One of the things that irks me (and let’s face it, a lot of people who take public transportation) is the massive crowding that takes place, especially in the New York transit system. It’s to be expected when millions of people a day take the subway and bus to work or school. If you take the train, it’s a fact of life that you will be pressed cheek by jowl with everyone around you, so even though it pisses people off, we all live with it because it’s unavoidable.
However, what makes this problem worse is the fact that people will not move to the back of the bus or into the center of a train car between doors. They want to stay as close to the door as possible so they could theoretically get out faster when their stop comes. However, by doing so, they prevent other people who may be in a rush from getting on. Consequently, there is a lot of pushing and shoving as these people try to force their way onto the train, and the people already on the train don’t want to move.
On the bus, passengers always tend to congregate near the front doors as if that were the only exit. By contrast, the area around and behind the rear door is seldom crowded. That same area on a low floor bus will never have anyone standing there, even though the ceiling is high enough to fit most people! And then, when the driver believes the bus is full, he starts skipping stops because he can’t accept any more passengers since no one will move back. This becomes a problem when the next bus will not arrive for a while.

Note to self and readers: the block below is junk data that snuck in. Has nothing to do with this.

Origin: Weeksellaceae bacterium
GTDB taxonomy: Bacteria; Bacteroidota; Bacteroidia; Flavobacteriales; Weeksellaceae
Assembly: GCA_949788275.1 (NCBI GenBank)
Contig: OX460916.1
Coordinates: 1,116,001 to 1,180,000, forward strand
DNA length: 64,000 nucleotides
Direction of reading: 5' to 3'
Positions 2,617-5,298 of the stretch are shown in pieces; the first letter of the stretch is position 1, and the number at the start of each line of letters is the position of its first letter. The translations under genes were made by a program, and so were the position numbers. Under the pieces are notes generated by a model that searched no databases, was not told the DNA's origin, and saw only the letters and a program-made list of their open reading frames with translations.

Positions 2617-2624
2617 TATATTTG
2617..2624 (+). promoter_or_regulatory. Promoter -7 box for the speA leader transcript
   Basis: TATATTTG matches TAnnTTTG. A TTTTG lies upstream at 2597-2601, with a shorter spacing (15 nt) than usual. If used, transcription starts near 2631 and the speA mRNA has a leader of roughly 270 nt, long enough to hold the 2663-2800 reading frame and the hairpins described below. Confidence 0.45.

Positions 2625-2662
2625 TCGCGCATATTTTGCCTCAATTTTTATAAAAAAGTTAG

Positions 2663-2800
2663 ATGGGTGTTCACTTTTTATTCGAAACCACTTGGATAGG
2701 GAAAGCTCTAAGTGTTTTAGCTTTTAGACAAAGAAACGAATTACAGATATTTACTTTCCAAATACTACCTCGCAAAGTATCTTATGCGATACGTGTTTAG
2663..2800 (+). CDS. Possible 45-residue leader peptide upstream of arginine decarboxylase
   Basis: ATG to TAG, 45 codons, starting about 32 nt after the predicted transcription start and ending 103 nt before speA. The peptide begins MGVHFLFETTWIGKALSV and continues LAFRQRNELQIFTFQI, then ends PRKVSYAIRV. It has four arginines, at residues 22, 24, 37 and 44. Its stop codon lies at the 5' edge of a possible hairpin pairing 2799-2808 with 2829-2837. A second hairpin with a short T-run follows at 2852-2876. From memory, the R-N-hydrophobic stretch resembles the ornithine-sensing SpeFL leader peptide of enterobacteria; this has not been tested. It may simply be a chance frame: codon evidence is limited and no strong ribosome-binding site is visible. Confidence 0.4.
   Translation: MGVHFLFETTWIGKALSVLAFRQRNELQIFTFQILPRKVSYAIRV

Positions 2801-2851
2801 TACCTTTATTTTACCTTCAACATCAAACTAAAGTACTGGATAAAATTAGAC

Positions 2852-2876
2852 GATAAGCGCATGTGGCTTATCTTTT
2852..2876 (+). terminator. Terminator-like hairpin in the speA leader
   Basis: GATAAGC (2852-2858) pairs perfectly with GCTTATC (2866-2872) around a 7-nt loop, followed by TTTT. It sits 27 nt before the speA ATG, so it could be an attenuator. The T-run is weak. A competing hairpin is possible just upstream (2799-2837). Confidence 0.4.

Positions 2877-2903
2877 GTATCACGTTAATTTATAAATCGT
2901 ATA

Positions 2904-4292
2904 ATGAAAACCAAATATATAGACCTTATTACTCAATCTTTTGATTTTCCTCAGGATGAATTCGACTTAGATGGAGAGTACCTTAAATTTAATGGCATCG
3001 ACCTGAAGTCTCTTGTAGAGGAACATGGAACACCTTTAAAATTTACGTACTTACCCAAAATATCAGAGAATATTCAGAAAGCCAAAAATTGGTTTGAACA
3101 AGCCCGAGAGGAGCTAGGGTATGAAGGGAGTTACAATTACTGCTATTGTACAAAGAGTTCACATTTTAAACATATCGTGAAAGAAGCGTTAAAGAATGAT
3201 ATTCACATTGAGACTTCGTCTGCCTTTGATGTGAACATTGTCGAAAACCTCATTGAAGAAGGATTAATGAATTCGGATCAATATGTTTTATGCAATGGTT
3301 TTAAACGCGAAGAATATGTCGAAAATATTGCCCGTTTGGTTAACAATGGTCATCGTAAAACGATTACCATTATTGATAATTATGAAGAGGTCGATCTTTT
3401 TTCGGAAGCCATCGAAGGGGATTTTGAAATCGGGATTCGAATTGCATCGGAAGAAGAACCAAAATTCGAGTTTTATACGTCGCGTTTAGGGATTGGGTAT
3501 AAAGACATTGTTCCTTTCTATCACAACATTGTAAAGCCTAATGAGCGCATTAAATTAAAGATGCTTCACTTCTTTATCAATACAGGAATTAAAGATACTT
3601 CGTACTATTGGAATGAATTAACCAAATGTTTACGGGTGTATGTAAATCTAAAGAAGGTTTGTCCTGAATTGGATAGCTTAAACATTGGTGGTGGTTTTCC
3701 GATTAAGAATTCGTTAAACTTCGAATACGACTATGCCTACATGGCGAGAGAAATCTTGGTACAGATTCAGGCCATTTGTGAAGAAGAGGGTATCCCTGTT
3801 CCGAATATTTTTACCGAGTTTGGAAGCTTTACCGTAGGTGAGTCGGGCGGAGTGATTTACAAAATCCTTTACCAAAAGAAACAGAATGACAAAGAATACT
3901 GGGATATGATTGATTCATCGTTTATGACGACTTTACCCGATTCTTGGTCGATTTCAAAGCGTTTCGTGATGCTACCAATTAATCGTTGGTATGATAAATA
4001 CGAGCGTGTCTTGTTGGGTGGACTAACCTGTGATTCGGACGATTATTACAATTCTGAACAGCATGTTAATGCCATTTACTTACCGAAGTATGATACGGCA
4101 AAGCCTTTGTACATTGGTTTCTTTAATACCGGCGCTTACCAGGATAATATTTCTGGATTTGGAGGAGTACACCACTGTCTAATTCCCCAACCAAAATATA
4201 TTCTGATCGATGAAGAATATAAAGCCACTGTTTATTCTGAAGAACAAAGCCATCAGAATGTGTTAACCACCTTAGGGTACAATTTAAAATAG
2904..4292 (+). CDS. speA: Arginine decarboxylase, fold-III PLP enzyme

If only the common courtesy of moving in could be followed, maybe people would be less grumpy during the morning or afternoon commute since they would not have to force their way onto their means of conveyance. You could do your part by moving in yourself, especially if you know that you will be on that bus for a long time before you arrive at your destination.